Syracuse-based non-profit Housing Visions is developing the Harbor View Square site, which includes 75 apartments and roughly 9,200 square feet of retail and commercial space. President and CEO Ben Lockwood said the development, located near the corner of West First Street and Lake Street on the former Flexo-Wire site, has been slowed a bit due to inclement weather and high water but is still on target to be completed in about a year.
“We’re obviously moving along and we’re pleased with the progress,” Lockwood said, noting the project is about 90 days behind the initial timeline. “We’re just a little bit behind schedule but we’re pleased otherwise with the project.”
Three of the four buildings included in the Harbor View development are largely framed and sealed, and Lockwood said the first is expected to be competed around March with the others following until the development is finished in August or September 2020.
Lockwood said the company is already compiling a waiting list for the future apartments.
Atom Avery, who is developing the former Global Buffet site into the Litatro Building, said foundation work is moving along fairly quickly, and anticipated the building would be standing and weather tight by early December.
“As far as we’re concerned things are moving in the right direction,” Avery said, noting the construction has largely gone unnoticed so far, but more than 100 cubic yards of concrete have been poured and passersby would soon start to see the frame of the structure going up.
Avery said the plan is to open up the first-floor commercial space, which will include a restaurant, ahead of finishing the apartments on the upper floors. He said the proposed rooftop bar would likely be the last feature of the structure to be completed.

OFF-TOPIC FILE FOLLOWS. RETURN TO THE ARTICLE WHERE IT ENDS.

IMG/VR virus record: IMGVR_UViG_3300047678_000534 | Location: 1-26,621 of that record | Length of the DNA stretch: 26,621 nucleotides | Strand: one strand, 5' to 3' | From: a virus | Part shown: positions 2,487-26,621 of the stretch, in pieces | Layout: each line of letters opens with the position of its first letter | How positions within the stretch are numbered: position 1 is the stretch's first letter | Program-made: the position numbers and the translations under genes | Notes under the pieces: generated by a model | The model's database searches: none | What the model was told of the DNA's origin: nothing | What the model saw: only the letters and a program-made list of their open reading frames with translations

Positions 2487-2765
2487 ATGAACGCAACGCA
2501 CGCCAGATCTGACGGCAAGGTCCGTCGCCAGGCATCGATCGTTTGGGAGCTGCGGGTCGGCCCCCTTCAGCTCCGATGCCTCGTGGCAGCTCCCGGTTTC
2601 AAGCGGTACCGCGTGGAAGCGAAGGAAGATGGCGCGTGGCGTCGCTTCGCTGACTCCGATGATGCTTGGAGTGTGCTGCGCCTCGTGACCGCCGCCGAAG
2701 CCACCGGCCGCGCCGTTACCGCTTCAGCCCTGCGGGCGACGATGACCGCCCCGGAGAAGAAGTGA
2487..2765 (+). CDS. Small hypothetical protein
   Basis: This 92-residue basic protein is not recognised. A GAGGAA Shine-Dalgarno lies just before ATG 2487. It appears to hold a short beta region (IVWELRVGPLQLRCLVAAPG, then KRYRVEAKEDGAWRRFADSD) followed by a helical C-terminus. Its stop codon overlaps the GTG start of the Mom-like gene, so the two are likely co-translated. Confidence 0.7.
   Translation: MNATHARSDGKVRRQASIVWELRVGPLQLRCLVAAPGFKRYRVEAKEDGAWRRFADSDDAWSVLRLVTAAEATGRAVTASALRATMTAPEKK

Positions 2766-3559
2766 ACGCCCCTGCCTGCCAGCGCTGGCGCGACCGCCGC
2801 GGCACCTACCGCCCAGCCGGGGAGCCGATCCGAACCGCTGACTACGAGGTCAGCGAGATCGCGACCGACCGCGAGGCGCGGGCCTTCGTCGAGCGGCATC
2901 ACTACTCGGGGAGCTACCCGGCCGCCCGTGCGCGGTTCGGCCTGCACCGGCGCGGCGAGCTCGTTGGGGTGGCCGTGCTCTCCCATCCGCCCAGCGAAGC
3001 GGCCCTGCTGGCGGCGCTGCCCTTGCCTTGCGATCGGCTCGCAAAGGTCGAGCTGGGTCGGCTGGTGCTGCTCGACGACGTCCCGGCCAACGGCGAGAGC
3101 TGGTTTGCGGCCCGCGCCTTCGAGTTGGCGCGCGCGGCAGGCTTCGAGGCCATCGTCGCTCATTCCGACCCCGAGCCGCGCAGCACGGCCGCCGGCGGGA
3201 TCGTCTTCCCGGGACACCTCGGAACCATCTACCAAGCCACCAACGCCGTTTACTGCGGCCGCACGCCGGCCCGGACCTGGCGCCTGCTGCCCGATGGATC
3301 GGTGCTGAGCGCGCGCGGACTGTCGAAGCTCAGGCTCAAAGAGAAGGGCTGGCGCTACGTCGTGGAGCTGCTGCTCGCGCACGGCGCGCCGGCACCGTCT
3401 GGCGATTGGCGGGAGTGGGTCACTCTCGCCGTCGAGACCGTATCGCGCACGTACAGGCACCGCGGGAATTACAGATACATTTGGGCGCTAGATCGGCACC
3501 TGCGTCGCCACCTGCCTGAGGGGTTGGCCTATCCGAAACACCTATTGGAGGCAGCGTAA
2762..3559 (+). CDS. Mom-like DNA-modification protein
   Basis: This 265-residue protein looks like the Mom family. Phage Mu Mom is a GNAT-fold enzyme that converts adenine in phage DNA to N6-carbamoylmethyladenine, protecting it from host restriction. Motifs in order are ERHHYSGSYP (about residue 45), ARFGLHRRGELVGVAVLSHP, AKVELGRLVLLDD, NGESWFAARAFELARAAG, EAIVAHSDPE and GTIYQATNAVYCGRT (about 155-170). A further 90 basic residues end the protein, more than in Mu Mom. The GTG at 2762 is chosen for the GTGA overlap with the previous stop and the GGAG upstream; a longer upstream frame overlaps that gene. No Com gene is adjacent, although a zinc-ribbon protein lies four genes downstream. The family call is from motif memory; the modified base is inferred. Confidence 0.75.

George "Buddy" Broadwell, owner and general contractor for the Lake Ontario Water Park, said the project is scheduled for completion late next year.
“The scheduled time for completion, as we said from day one, is going to be November-December of 2020,” Broadwell said, noting the initial timeline called for roughly a year to construct the building and another year to install the water park. “It’s going to be one great water park. The public is going to love it.”
Since early this year the foundation work has been in progress, and passersby in recent months have seen the steel frame and structure of the building nearing completion.
“We’ll be done with the steel and everything should be up the middle of next week or maybe this week,” Broadwell said, noting the next step would be to install siding. “It’s a step-by-step process.”
Several other projects are in various stages, including further renovations to the Buckout-Jones Building expected this fall, commercial space and apartments on West First Street at the corner of Cayuga Street and the East Lake Commons development at the former Midtown Plaza.
Local businessman Ed Alberts is developing the apartment complex and retail space on West First Street that includes the area formerly occupied by Harbor Optical at the corner of West Cayuga Street. Officials expect the development to be completed in about a year.
"Our Riverwalk apartment and restaurant project at 147-159 West First Street in Oswego is moving,” Alberts said in a statement. “We will soon be in demolition of the existing building. Hoping to break ground on the new construction before fall and open the Riverwalk apartments within one year.”